Next-generation light-emitting displays on skin should be soft, stretchable and bright1,2,3,4,5,6,7. Previously reported stretchable light-emitting devices were mostly based on inorganic nanomaterials, such as light-emitting capacitors, quantum dots or perovskites6,7,8,9,10,11. They either require high operating voltage or have limited stretchability and brightness, resolution or robustness under strain. On the other hand, intrinsically stretchable polymer materials hold the promise of good strain tolerance12,13. However, realizing high brightness remains a grand challenge for intrinsically stretchable light-emitting diodes. Here we report a material design strategy and fabrication processes to achieve stretchable all-polymer-based light-emitting diodes with high brightness (about 7,450 candela per square metre), current efficiency (about 5.3 candela per ampere) and stretchability (about 100 per cent strain). We fabricate stretchable all-polymer light-emitting diodes coloured red, green and blue, achieving both on-skin wireless powering and real-time displaying of pulse signals. This work signifies a considerable advancement towards high-performance stretchable displays.
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Part of this work was performed at the Stanford Nano Shared Facilities (SNSF), supported by the National Science Foundation under award ECCS-1542152. We thank Agfa-Gevaert N.V. for providing PEDOT:PSS, Daikin Co. for providing PVDF-HFP and Kaneka Co. for providing SIBS. Y.-X.W. was supported by a visiting scholar funding (201806255002) from the China Scholarship Council. N.M. was supported by a Japan Society for the Promotion of Science (JSPS) Overseas Research Fellowship. This research used resources of the Advanced Light Source, a U.S. Department of Energy Office of Science User Facility under contract no. DE-AC02-05CH11231.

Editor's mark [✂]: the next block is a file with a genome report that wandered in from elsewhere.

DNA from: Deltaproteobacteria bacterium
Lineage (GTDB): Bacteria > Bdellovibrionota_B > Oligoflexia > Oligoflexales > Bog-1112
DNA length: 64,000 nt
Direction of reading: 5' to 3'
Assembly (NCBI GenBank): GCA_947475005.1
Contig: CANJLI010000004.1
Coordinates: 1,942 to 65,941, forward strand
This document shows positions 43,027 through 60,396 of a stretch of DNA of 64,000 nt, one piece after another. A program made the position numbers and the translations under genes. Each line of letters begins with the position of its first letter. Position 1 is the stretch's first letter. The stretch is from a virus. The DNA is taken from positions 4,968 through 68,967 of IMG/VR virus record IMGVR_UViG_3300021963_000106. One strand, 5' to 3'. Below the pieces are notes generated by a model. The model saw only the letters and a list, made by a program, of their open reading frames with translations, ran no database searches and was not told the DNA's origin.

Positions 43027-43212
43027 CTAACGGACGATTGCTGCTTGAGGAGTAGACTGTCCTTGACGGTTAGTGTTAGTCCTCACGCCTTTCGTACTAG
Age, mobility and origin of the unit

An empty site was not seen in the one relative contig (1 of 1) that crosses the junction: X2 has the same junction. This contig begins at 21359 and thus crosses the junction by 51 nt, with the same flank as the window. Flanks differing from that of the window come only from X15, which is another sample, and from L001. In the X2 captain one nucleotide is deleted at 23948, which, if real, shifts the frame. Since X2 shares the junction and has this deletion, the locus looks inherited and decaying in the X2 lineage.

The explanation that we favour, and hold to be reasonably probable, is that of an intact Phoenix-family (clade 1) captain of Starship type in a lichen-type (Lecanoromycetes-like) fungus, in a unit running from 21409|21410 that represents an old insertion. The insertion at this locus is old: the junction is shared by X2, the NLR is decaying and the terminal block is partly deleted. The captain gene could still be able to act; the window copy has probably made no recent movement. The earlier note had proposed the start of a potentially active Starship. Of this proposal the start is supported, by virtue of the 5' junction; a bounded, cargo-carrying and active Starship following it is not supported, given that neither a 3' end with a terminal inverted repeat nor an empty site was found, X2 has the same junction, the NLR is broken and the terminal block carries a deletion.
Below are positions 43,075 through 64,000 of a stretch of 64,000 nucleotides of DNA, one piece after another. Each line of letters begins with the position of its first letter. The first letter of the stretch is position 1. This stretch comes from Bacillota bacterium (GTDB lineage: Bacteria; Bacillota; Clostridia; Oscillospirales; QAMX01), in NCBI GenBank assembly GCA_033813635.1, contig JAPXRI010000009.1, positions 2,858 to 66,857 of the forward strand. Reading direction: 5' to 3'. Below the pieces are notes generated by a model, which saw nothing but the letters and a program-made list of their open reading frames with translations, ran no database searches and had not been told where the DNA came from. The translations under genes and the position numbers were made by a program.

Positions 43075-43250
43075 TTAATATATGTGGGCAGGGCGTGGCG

Stanford University has filed a patent application related to this work, the patent application number is 63/314,875.
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Extended data figures and tables
The films were prepared by spin coating from a mixture solution of SY (7 mg ml−1) and PU (7 mg ml−1) in THF with different weight ratios and dried under vacuum (200 mTorr) for 30 min. Distinct nanofibre structures can be seen with the addition of PU.
The scale bar is 100 μm.
Extended Data Fig. 3 Photographs of stretchable light-emitting films with different colours for various wearable applications.
a, Photographs of photoluminescent images of a stretchable and patterned light-emitting polymer film under stretching and twisting. The scale bar is 5 mm. b, Photographs of photoluminescent images of a patterned light-emitting polymer film seamlessly integrated with the finger withstanding various deformations.
Spectrum of emission/absorption ratio of SY/PU films (nearly the same thickness) with increased amount of PU: collected from spin-coated films (a) and after normalization on the basis of SY unit mass (b).
Extended Data Fig. 5 2D contour plots of time-resolved PL of SY/PU films with increased PU amount while the film thicknesses were kept nearly the same.